|Appears in Collections:||Biological and Environmental Sciences Journal Articles|
|Peer Review Status:||Refereed|
|Title:||Recent land cover changes in Spain across biogeographical regions and protection levels: Implications for conservation policies|
Zavala, Miguel A
|Keywords:||Land cover change|
Natura Net 2000
|Citation:||Martinez-Fernandez J, Ruiz-Benito P & Zavala MA (2015) Recent land cover changes in Spain across biogeographical regions and protection levels: Implications for conservation policies. Land Use Policy, 44, pp. 62-75. https://doi.org/10.1016/j.landusepol.2014.11.021|
|Abstract:||Land use and land cover change is a major component of global change, which directly alters habitat composition, biodiversity and ecosystem functioning. The regional analysis of land cover changes in heterogeneous landscapes can be masked by spatial variations caused by both bioclimatic and socioeconomic factors. Recognizing these influences, however, can be critical for designing conservation policies suited for each region. In this study, we examined the main processes of land cover change in Spain duringc.20 years (1987–2006), using CORINE land cover maps and five comparative spatial frameworks based on biomes (temperate and Mediterranean) and protection levels (Nationally Designated areas, European Natura Net 2000 and unprotected areas). We observed high land cover persistence (ca.93%) throughout Spain, but with important anthropization processes and internal changes in natural areas – which experienced a slight decrease – while, agrarian areas remained almost stable. However, there were significant differences in the occupation, intensity and direction of change depending on the biome and protection level. The Mediterranean region had lower persistence and higher anthropization processes than the temperate region, suggesting a high vulnerability to land cover changes for natural habitat and related species. Overall, we observed a lower intensity of anthropization processes in protected areas, increasing the persistence of natural and agrarian areas; key habitats for species conservation. The highest persistence of natural areas corresponds to Nationally Designated Protected (NDP) areas, while in Natura Net 2000 we found the highest agrarian areas persistence. Nevertheless, Natura Net 2000 areas – with the exception of those nominated as NDP – had the largest increase of artificial surfaces as well as the highest internal processes of change within natural areas due to disturbances. The trends reported in this study suggest the importance of effective management plans and conservation measures that ensure both habitat and species conservation, especially in the Mediterranean region. In the case of Natura Net 2000, where traditional agricultural and livestock activities had a larger importance, it would be advisable to definitively implement the pending management plans, which are feasible and compatible with local human activities.|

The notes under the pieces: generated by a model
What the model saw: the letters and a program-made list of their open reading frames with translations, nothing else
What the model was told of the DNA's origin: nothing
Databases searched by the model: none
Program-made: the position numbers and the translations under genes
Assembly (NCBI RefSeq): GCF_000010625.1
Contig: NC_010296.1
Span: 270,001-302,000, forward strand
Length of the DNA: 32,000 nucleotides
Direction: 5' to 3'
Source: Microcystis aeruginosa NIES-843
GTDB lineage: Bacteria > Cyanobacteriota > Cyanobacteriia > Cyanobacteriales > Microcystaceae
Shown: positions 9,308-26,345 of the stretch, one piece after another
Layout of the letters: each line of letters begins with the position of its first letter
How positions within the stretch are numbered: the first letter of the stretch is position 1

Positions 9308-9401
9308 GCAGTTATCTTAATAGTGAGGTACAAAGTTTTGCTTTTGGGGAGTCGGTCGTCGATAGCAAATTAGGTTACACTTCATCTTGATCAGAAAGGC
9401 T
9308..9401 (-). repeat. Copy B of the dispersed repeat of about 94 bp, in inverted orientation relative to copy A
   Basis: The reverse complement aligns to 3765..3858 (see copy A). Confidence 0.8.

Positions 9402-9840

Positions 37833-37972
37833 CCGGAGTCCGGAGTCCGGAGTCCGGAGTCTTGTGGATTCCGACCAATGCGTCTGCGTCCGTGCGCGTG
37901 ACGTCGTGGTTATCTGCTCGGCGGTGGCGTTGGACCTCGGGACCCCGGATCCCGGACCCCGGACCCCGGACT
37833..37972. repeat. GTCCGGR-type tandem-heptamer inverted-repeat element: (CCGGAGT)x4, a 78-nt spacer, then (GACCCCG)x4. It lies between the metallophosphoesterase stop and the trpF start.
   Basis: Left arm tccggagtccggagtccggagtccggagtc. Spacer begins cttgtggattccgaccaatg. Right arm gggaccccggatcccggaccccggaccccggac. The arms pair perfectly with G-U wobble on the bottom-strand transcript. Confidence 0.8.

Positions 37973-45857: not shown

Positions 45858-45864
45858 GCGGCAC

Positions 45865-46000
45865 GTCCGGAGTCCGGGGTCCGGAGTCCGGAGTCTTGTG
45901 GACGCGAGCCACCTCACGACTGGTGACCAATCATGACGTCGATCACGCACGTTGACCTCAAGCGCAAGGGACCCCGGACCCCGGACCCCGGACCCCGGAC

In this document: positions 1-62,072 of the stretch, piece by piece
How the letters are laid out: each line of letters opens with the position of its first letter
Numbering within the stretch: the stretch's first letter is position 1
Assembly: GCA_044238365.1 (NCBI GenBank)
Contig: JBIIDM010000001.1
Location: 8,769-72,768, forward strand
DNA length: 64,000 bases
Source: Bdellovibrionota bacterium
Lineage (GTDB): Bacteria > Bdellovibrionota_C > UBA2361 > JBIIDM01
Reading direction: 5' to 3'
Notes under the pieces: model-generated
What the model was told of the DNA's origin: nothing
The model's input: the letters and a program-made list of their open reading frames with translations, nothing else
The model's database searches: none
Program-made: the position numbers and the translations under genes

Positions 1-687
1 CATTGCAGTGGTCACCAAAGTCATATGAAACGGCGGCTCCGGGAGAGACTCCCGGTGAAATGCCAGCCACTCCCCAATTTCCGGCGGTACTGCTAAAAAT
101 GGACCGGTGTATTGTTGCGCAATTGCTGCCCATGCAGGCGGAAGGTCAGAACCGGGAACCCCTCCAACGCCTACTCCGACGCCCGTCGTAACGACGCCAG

|Rights:||The publisher does not allow this work to be made publicly available in this Repository. Please use the Request a Copy feature at the foot of the Repository record to request a copy directly from the author. You can only request a copy if you wish to use this work for your own research or private study.|
|2015_MartinezFernandezetal_LUP.pdf||Fulltext - Published Version||2.19 MB||Adobe PDF||Under Embargo until 3000-01-01 Request a copy|
Note: If any of the files in this item are currently embargoed, you can request a copy directly from the author by clicking the padlock icon above. However, this facility is dependent on the depositor still being contactable at their original email address.
This item is protected by original copyright
Items in the Repository are protected by copyright, with all rights reserved, unless otherwise indicated.
The metadata of the records in the Repository are available under the CC0 public domain dedication: No Rights Reserved https://creativecommons.org/publicdomain/zero/1.0/
If you believe that any material held in STORRE infringes copyright, please contact firstname.lastname@example.org providing details and we will remove the Work from public display in STORRE and investigate your claim.